When someone says the word “divorce”, one of the first images that comes to mind is an ominous courtroom with a judge in robes, and two well dressed, red faced attorneys shouting at one another. Although this is one way to handle the issues surrounding a divorce, there are other methods that don’t require the reenactment of a Perry Mason episode, such as the use of a separation agreement.
When a married couple separates, it can take some finesse to unwind their lives since there are a variety of issues that need to be addressed such as:
- Where will the kids live?
- Am I going to get alimony?
- How do I handle our joint debt?
- What’s will happen with my 401k?
While these questions can all be answered by going to court, they can also be resolved by coming up with a well drafted separation agreement. Each agreement is unique and can encompass matters relating to the division of property, spousal support, child support, and child custody. Keep in mind that these contracts can be tailored to fit your specific needs and can even address other issues such as, who will care for the family pet, and how you’ll divide up frequent flier miles.
There are many advantages to negotiating a separation agreement versus going to court to settle matters related to a divorce. Separation agreements tend to be more efficient and cost effective than going through a divorce litigation. In addition, the husband and wife have the opportunity to come up with creative solutions to address their own personal needs as well as the needs of their children. It is important to remain open minded during the negotiation process and maintain a “give and take” attitude in order to reach an actual settlement. If you’re able to put aside your emotions and focus on the issues at hand, the changes of negotiating a settlement are extremely high.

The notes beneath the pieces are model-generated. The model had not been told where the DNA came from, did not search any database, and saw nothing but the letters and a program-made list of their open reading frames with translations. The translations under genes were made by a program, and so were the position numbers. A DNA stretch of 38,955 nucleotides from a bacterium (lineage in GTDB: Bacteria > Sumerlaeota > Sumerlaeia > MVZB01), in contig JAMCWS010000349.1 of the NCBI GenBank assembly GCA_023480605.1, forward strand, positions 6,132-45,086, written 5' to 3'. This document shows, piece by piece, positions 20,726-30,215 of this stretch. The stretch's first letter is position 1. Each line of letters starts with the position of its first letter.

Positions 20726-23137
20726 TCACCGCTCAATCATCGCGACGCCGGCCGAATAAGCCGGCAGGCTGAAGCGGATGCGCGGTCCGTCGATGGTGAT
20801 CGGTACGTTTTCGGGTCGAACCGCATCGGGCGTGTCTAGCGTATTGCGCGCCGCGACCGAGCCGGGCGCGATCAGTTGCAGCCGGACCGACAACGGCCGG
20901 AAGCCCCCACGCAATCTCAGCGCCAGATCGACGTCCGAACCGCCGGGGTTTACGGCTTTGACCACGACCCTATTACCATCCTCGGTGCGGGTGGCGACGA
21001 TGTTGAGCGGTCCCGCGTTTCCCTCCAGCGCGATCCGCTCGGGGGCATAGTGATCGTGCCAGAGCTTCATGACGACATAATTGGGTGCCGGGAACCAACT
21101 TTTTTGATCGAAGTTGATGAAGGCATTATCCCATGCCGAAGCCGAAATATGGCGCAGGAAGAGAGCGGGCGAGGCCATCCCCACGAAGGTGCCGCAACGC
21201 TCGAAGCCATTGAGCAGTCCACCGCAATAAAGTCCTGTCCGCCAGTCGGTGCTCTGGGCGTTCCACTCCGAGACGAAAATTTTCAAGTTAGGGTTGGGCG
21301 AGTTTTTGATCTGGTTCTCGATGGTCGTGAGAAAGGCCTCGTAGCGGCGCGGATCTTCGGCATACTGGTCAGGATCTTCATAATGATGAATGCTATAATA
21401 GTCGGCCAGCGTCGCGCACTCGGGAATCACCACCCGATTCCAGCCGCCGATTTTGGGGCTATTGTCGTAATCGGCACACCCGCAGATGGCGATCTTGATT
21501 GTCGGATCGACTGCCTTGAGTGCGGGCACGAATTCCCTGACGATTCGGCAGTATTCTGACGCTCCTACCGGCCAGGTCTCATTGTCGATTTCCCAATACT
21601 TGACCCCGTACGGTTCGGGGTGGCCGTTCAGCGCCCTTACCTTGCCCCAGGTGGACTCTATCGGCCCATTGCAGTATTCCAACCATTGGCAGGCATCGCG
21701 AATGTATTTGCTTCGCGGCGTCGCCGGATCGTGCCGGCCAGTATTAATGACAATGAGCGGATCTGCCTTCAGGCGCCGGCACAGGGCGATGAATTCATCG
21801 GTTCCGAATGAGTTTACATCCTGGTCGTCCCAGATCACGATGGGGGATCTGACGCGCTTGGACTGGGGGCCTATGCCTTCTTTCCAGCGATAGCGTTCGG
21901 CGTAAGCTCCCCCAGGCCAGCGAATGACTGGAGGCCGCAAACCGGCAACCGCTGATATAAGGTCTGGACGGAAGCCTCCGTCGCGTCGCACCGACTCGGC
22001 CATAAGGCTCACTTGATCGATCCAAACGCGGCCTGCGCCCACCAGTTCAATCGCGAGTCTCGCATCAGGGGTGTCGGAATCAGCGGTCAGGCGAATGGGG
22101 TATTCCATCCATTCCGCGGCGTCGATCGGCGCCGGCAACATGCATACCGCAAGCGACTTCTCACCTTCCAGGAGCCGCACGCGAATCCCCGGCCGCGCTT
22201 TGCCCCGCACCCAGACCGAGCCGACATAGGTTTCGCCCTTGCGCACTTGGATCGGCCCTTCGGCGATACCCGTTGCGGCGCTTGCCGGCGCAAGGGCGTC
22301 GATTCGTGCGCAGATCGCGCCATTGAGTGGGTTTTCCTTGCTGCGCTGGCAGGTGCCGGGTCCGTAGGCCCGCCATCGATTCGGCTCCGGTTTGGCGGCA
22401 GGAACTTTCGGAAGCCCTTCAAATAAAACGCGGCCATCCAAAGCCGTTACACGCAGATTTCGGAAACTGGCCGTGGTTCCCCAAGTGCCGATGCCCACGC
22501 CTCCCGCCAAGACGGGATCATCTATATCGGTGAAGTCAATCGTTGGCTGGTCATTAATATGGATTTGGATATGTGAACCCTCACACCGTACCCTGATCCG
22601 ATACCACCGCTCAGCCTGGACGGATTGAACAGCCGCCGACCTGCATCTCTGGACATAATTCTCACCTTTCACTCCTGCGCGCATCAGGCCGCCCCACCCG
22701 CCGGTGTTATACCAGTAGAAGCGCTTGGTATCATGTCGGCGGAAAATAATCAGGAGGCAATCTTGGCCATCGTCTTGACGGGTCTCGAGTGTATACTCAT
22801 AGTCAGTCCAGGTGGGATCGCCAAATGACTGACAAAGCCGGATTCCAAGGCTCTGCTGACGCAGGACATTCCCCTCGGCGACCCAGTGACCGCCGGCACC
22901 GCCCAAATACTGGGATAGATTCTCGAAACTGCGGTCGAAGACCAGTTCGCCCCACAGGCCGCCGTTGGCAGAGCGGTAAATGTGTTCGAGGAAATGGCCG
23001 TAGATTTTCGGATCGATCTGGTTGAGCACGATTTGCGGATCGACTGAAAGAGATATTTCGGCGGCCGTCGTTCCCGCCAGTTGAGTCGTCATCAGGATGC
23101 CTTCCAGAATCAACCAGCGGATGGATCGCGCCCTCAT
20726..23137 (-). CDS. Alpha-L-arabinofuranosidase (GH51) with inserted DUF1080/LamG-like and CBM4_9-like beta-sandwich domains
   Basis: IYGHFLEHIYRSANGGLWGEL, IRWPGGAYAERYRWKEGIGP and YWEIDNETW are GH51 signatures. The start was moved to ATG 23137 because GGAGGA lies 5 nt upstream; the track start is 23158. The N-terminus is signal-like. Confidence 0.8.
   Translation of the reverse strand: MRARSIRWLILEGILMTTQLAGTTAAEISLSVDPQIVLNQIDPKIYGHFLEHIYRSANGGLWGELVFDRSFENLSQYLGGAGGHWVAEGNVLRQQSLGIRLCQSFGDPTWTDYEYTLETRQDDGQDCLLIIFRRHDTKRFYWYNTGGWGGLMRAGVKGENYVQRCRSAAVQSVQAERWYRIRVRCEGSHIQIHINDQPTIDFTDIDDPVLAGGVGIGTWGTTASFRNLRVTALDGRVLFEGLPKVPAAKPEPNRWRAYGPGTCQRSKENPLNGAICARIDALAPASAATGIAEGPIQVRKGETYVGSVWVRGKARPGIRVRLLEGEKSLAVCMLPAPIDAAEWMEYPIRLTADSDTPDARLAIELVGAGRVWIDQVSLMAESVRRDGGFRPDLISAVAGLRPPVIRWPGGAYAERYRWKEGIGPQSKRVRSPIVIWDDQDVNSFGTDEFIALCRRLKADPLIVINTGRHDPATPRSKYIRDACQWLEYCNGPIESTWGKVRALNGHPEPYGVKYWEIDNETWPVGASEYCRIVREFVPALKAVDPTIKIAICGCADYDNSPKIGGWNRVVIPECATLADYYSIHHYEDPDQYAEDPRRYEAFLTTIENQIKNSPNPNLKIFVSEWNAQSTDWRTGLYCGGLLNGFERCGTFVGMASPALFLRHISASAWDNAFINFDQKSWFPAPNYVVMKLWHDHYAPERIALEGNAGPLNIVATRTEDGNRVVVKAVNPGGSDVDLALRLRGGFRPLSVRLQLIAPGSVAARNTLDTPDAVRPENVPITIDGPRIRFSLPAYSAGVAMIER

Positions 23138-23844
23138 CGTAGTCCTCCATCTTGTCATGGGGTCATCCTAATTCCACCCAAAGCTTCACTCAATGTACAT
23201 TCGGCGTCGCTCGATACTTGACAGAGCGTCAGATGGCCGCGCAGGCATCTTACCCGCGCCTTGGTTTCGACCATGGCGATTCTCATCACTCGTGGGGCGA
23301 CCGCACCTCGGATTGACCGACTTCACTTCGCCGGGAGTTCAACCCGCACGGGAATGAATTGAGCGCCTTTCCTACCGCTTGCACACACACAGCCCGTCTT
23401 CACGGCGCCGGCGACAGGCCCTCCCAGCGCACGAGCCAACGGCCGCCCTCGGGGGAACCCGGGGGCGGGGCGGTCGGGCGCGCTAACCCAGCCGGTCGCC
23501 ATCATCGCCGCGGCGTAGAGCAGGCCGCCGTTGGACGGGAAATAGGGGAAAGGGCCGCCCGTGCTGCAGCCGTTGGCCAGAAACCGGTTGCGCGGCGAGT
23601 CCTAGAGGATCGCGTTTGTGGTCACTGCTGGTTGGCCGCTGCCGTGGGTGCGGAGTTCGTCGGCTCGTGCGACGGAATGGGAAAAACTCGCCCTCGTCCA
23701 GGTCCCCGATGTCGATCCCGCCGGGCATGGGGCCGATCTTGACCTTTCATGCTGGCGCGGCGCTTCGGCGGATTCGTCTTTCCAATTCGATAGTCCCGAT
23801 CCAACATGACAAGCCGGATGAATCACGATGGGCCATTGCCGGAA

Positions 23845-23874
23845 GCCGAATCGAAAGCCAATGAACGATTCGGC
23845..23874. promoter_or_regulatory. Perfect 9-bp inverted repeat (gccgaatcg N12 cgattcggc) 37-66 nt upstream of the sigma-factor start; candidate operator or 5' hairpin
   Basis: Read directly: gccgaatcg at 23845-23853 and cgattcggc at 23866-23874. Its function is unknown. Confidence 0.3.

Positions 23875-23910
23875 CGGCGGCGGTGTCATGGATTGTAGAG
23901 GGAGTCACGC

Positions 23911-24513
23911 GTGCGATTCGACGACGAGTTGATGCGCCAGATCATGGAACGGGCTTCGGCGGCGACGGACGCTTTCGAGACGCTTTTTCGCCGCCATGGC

Once a separation agreement has been drafted and fully executed, it can then become incorporated into the divorce decree or remain as its own separate contract. If it becomes part of the divorce decree, then the agreement will be treated as a court order and the terms are enforced as a court order. Otherwise, the separation agreement can be treated as a contract and can be enforced just like any other contract.
Overall, a separation agreement is an effective way to handle the many issues that arise during the course of a divorce. These agreements tend to reduce the financial and emotional costs of fighting over every item in court. If done properly, a well drafted separation agreement can resolve all of the legal issues that would otherwise be decided in court and can help reduce the amount of stress on everyone involved while going through a divorce.